Let's get out of Afghanistan

Nearly a decade after the American invasion of Afghanistan, there are still 250,000 foreign forces there — 100,000 U.S. troops, 50,000 NATO troops and 100,000 Pentagon-paid mercenaries. Unfortunately, in the president's speech Wednesday, he only talked about the U.S. military forces, and his plan is to continue the war until 2014.

Regardless of this massive, long-term presence, the U.S. military will not reform Afghanistan. But it will spend billions of taxpayer dollars — and to what effect? Last year Afghanistan experienced the largest number of civilian casualties since the war began.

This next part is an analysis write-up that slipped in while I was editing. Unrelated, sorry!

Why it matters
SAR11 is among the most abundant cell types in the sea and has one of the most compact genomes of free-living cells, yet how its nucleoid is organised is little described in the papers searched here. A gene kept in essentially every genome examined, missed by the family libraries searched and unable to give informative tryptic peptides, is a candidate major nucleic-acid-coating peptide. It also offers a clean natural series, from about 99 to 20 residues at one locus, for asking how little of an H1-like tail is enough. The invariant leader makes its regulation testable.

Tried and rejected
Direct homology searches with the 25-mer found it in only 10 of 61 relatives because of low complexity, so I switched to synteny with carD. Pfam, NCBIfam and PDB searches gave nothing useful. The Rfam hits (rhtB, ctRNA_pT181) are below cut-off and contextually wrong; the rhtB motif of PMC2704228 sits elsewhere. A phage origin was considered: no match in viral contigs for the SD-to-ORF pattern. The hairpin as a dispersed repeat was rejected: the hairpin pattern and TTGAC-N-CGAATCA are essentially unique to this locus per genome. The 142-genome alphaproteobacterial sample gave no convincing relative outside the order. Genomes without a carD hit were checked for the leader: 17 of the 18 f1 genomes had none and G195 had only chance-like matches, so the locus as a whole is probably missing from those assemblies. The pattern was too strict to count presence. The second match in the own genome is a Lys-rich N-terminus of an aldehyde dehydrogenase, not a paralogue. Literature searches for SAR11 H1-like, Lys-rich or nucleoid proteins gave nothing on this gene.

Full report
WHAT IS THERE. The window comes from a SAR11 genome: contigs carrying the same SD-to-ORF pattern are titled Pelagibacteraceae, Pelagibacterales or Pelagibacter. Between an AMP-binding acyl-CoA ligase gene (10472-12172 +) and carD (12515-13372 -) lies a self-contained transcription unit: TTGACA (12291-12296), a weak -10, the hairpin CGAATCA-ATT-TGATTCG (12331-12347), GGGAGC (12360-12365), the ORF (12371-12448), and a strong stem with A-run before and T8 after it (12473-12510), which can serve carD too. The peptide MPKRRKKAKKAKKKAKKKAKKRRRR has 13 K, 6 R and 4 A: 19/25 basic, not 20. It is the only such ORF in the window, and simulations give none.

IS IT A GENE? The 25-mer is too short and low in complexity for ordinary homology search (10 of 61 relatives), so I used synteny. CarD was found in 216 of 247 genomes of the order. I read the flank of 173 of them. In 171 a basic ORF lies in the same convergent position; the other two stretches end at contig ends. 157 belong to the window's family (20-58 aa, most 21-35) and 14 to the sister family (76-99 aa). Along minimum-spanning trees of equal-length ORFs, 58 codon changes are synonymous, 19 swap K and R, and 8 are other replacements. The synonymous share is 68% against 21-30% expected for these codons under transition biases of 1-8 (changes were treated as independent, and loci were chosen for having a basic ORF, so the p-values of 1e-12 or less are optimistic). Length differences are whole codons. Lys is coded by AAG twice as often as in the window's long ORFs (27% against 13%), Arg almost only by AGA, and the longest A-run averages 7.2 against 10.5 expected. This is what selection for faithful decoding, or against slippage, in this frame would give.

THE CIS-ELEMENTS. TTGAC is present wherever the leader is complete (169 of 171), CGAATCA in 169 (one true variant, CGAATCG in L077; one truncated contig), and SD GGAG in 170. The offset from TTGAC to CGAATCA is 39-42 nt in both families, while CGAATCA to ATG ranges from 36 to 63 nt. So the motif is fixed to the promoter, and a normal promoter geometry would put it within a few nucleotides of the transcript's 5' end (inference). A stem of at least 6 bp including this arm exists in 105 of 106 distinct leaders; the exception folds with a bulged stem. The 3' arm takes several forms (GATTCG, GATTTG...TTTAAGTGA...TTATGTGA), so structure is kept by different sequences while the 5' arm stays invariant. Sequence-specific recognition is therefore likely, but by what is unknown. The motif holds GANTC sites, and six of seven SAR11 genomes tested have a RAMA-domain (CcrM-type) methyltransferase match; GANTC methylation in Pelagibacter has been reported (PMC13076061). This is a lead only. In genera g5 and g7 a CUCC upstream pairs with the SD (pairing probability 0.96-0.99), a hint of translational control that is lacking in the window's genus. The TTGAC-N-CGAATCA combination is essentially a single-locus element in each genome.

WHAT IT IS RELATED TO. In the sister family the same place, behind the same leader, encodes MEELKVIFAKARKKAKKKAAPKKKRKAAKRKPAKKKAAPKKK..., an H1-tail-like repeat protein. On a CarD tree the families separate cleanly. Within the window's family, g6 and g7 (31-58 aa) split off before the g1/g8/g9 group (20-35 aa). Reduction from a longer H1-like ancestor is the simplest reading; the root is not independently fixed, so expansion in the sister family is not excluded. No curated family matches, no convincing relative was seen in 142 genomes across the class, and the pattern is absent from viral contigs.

As long as U.S. policy is to destroy the Taliban opposition and insurgent forces, many Afghans will resist what they understand to be a foreign invasion.

A better vision would start with a cease-fire, U.S. participation in a broad-based peace process and the disarmament of all militia forces (after we leave).

For us that would means removing all our military forces; for Afghans it would mean an innovative reconciliation process.

Max Obuszewski, Baltimore

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